COVID-19 may deprive 47 million women of modern contraceptives — UNFPA

United Nations population Fund, UNFPA, says about 47 million women in low and medium-income countries are likely to access modern contraceptives as a result of COVID-19 pandemic.

Lagos State coordinator, United Nations Population Fund Dr Omolaso  Omosehin, made the disclosure at a World Population Day webinar hosted by  the Network of Reproductive Health Journalists of Nigeria (NRHJN) with the theme “Putting the Brakes on COVID-19: How to Safeguard the Health and Rights of Women and Girls Now.

Dr Omosehin said major disruptions due to the pandemic could also result in an additional seven million unwanted pregnancies and 31 million additional cases of gender violence.

The expert stated that marginalized communities, including women and girls, are disproportionately affected by the pandemic and as such there are efforts by UNFPA to ensure an uninterrupted service on sexual and reproductive health.

He attributed the reduction in services at many health facilities, to the lure in the distribution of family planning commodities as well as women’s fear of contracting COVID-19 if they visit health centre.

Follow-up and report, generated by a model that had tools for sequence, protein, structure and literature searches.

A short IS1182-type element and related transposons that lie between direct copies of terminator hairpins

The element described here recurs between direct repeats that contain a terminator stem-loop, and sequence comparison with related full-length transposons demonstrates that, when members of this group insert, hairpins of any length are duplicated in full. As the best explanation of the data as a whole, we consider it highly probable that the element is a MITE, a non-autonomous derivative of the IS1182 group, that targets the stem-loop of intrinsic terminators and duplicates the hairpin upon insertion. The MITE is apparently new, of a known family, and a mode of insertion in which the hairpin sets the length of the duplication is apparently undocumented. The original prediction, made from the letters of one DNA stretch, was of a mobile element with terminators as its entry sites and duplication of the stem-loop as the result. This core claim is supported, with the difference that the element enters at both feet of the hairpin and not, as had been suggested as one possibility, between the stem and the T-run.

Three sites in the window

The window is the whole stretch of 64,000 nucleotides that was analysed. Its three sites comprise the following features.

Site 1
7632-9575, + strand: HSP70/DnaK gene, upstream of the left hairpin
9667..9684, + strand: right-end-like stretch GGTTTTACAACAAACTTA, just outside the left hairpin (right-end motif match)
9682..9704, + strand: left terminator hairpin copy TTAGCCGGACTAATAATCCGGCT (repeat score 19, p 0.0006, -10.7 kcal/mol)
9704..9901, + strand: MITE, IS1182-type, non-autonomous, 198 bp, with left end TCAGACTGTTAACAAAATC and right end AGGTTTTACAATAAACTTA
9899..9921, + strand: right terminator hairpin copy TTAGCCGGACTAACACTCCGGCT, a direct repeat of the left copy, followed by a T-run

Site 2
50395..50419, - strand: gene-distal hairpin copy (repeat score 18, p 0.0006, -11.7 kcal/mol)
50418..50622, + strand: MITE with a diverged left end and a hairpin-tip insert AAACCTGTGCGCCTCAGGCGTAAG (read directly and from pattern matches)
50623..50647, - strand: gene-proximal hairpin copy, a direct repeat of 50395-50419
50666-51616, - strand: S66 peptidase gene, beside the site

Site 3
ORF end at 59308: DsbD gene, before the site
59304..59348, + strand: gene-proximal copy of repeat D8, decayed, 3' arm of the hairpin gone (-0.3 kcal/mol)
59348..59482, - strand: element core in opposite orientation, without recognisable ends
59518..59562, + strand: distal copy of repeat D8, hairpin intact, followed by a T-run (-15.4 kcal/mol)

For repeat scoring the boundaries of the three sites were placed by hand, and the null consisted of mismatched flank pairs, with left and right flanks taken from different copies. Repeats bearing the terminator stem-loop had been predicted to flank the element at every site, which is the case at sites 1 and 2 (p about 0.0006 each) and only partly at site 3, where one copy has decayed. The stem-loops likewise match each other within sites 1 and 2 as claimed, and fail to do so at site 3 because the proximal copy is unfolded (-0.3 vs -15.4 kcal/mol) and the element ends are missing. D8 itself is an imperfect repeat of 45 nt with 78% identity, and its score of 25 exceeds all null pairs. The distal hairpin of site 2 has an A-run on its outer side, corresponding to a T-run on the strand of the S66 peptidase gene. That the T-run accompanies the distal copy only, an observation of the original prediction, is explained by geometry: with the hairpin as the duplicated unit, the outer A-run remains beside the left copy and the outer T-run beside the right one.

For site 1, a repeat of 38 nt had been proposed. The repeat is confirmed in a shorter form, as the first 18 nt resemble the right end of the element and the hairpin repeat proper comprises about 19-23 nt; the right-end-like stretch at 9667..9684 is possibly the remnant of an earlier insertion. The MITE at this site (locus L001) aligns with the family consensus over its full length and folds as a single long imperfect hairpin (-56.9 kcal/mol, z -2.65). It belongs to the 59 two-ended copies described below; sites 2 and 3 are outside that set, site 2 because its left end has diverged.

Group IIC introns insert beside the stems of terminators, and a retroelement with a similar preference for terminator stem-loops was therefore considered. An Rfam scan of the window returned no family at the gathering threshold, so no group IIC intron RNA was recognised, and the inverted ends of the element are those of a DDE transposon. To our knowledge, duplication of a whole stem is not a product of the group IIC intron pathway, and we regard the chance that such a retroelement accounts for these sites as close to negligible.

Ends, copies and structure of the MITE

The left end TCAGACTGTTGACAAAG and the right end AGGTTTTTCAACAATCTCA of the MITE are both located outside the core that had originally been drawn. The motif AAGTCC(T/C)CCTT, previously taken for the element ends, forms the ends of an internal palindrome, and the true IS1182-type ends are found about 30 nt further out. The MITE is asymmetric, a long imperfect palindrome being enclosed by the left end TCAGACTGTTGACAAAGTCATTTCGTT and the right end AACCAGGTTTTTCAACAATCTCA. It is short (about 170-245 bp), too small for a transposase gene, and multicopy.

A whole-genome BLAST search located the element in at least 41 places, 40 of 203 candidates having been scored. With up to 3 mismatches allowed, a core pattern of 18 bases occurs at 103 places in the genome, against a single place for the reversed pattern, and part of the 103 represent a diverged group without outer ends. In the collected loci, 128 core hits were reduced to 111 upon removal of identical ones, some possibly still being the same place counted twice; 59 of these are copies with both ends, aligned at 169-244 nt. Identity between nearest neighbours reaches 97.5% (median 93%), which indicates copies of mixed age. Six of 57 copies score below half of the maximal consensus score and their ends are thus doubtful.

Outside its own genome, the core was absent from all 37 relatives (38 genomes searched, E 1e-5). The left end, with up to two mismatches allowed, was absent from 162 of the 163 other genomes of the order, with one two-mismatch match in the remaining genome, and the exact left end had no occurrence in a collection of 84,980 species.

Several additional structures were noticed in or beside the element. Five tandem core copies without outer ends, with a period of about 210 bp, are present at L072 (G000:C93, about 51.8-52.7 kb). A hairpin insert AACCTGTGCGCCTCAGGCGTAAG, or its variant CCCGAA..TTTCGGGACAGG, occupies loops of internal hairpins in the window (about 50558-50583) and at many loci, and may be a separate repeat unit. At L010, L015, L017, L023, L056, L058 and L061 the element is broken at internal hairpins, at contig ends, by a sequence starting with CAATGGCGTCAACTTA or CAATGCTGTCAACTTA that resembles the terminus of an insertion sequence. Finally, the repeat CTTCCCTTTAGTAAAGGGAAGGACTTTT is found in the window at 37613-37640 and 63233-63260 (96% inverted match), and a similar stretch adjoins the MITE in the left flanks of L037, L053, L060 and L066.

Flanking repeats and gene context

He, however, said that Nigeria’s response to COVID-19 is very critical to how fast it will recover from the pandemic and whether it will be able to achieve its sustainable development goals (SDGs).

Dr Omosehin said in support of women and health, UNFPA had supported states in the country with personal protective equipment as well as established handwashing stations in key locations so that people can wash their hands.

He expressed concern that the Federal Government is was putting emphasis on public health issues rather than clinical care even though the prevention of a disease is better than its cure.

Dr Ejike Oji, a former, Country Director, Ipas Nigeria, stated that the pandemic had only caused an increase in cases of unwanted pregnancies and unsafe termination of pregnancies in areas where strategic approaches were not adopted to provide reproductive health services.

According to him, “in areas where service is down, we are warning that in about seven months after the lockdown, there will be a lot of unintended pregnancies. Some will keep it and some even within wedlock will lead to terminations that are not safe.”

The medical expert said addressing sexual violence that became evident in Nigeria within couples during the lockdown requires that all states should domesticate the Violence against Person’s Prohibition Act passed in 2015.

He declared, “The Act is good enough. It has made enough provisions to punish sexual offenders; even political violence is also included.  By saying people should be castrated, I don’t buy into that.”



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